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Race, Place, & Gender (A Poem & More Questions)

tbarryfigu's picture

The world that we live in is

separated by more than just oceans, rivers,

 mountain ranges and borderlines.

The world that we live in is

segregated in more ways than race, creed,

 class and gender can define.

The world is divided by one, two, three,

four thousand picket lines.

The world that we live in is

neither yours nor mine.

We issue calls to take it back,

and to divide it into parts,

but with the world divided,

when will progress start?


As the poem above indicates, I am under the impression that our society has been broken down and dissected such that we can never be united. Every individual on this planet is like a vas that has been picked up, smashed, glued together, and smashed time and time again: there are so many parts on the floor that we don’t know how we fit together anymore. Two of these fragments, for which we are most recognized, are our external gender and apparent race. We have vaginas and breasts, and so we must be women. We lack or have an abundance of pigment in our skin, and so we must be this, that, or the other race. With these sad generalizations in mind, I call for a discussion of unity: How does race determine gender roles? How does culture allow for the interaction of race and gender with regards to feminist motives?

            An outsider’s observation of the Puerto Rican familial dynamic would most likely result in the report of a male-dominated, gender role-specific structure. “The man goes to work every day and provides the main income; the woman works as a part-time something and a full-time mother. The man brings home the bacon, the woman cooks it. The man eats first, the children second, and the woman last.” A Puerto Rican woman would not always disagree with this summary of every day life, simply because it is often the case. However, I have never known a Puerto Rican woman to agree with the idea that their society is one dominated by the male presence. In fact, the general understanding is this: The man goes to work and provides the main income because the woman demands it of him. If she is to bear the children, he better have the means to house and support their family. She will cook and clean not because she is desperate to entice a husband, but because such things befit her. She is worthy of a clean house. If she is hungry, she can cook for herself. She takes pride in her independence and her abilities.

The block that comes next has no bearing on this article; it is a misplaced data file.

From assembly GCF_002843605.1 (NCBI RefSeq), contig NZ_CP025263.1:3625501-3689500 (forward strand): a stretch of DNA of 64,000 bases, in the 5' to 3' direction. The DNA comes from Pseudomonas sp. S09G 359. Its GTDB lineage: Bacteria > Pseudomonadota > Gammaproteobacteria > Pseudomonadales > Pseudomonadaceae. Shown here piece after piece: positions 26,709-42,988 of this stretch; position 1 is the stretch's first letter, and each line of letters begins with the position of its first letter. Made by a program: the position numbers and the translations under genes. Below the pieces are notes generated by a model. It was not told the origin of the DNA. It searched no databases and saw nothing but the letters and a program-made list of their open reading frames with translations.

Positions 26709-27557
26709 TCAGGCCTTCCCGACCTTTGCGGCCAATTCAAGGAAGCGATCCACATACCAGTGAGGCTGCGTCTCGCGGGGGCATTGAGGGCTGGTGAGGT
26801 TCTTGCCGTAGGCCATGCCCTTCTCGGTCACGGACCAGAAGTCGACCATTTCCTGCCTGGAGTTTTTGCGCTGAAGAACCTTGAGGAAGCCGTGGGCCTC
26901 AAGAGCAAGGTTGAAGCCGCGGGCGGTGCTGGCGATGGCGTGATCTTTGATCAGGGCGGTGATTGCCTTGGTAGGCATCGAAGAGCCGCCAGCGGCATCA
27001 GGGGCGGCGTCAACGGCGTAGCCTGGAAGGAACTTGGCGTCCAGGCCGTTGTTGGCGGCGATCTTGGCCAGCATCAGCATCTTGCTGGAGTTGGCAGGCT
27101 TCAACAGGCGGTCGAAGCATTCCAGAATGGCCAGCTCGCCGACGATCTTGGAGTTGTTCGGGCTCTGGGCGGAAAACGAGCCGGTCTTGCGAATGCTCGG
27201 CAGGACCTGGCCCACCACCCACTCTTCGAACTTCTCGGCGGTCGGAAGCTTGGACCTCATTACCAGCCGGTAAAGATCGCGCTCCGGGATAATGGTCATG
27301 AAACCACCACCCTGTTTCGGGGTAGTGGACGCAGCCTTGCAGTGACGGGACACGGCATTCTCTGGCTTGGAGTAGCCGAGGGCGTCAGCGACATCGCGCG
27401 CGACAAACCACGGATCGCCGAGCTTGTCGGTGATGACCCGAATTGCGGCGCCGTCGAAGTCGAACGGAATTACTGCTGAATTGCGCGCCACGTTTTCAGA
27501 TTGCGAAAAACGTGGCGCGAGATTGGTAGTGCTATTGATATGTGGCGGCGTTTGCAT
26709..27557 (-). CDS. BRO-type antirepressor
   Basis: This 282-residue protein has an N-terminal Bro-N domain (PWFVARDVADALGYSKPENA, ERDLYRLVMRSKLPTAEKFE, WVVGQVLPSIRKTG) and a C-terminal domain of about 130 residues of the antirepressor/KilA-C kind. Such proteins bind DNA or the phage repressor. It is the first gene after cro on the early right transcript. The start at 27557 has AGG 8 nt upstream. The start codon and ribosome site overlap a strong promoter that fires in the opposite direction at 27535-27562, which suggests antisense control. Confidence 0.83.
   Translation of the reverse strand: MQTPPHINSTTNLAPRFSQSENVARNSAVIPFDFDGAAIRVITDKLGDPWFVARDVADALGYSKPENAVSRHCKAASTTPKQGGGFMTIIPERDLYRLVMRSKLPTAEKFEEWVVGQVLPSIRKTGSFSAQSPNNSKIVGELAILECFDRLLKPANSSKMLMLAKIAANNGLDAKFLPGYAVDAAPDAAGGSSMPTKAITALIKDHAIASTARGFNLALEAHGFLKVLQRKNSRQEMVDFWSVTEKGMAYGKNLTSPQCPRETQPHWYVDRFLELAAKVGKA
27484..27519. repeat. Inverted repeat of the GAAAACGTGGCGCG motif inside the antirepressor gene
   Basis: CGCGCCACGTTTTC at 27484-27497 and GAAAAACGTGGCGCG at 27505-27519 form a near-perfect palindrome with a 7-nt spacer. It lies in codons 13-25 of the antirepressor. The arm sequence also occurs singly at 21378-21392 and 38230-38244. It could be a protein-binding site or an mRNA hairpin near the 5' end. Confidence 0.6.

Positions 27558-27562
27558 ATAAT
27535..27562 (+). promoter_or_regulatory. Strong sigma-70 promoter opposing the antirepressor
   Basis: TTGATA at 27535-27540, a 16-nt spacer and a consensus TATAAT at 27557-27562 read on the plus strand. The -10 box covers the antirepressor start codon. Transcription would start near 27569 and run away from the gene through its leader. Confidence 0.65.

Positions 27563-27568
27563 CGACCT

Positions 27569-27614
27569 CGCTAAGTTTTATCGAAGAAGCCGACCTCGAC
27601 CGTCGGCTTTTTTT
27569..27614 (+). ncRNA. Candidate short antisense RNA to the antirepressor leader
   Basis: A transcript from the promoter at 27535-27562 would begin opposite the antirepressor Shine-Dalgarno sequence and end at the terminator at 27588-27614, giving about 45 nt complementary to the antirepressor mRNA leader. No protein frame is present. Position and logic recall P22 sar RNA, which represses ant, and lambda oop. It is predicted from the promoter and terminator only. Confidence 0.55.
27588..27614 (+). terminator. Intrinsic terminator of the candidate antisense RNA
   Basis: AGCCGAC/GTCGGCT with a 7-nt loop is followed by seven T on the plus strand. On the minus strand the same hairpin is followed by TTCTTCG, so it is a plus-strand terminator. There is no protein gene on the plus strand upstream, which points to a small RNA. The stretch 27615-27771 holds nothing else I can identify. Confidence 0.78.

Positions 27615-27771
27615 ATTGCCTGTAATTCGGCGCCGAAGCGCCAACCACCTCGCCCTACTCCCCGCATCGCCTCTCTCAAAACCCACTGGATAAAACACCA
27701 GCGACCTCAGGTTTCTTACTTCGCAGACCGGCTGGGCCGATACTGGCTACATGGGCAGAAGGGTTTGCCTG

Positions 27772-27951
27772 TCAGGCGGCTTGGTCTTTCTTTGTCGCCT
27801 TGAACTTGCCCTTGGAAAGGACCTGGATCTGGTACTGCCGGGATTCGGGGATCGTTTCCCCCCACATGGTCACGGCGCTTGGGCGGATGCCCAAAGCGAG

In this way, it becomes apparent that the Puerto Rican male is dependant upon the woman and not the other way around, as would be assumed by an outside observer. If the male is to experience the luxuries of children, a clean home, and a good meal, he must be worthy of them. By these means, he demonstrates the understanding of an aspect of Puerto Rican culture that has been passed down for centuries: The original inhabitants of the island, the Taino Indians, looked upon women as Gods in and of the earth, the givers of life. Puerto Rican women today maintain this outlook with the slightest of alterations “I brought you into this world, and I’ll take you out of it.” There is an underlying respect for women that is unseen and often shadowed by the stereotypical illustrations of feisty Latino lovers and their submissive Latina baby’s-mommas on TV.

Is it possible that the Puerto Rican societal construct I have described above is one with feminist subtitles or undertones? Is there a subliminal message emanating from this familial dynamic that screams for the supremacy of the female sex? Is it difficult to imagine a culture in which woman allow males to feel superior, simply because, underneath it all, they’re not (and they know it)? Paula Gunn Allen interprets a Keres Indian Tale, commonly known as a Yellow Woman story, from the perspective of three different personas: A woman with strong tribal beliefs and understanding, a goal-oriented feminist, and a tribal-feminist. When she is “dealing with feminism” she approaches it from a strongly tribal posture, and when she considers American Indian literature, she responds to it as a feminist. In much the same manner, I am capable of questioning the relationship between race and gender within Puerto Rican culture.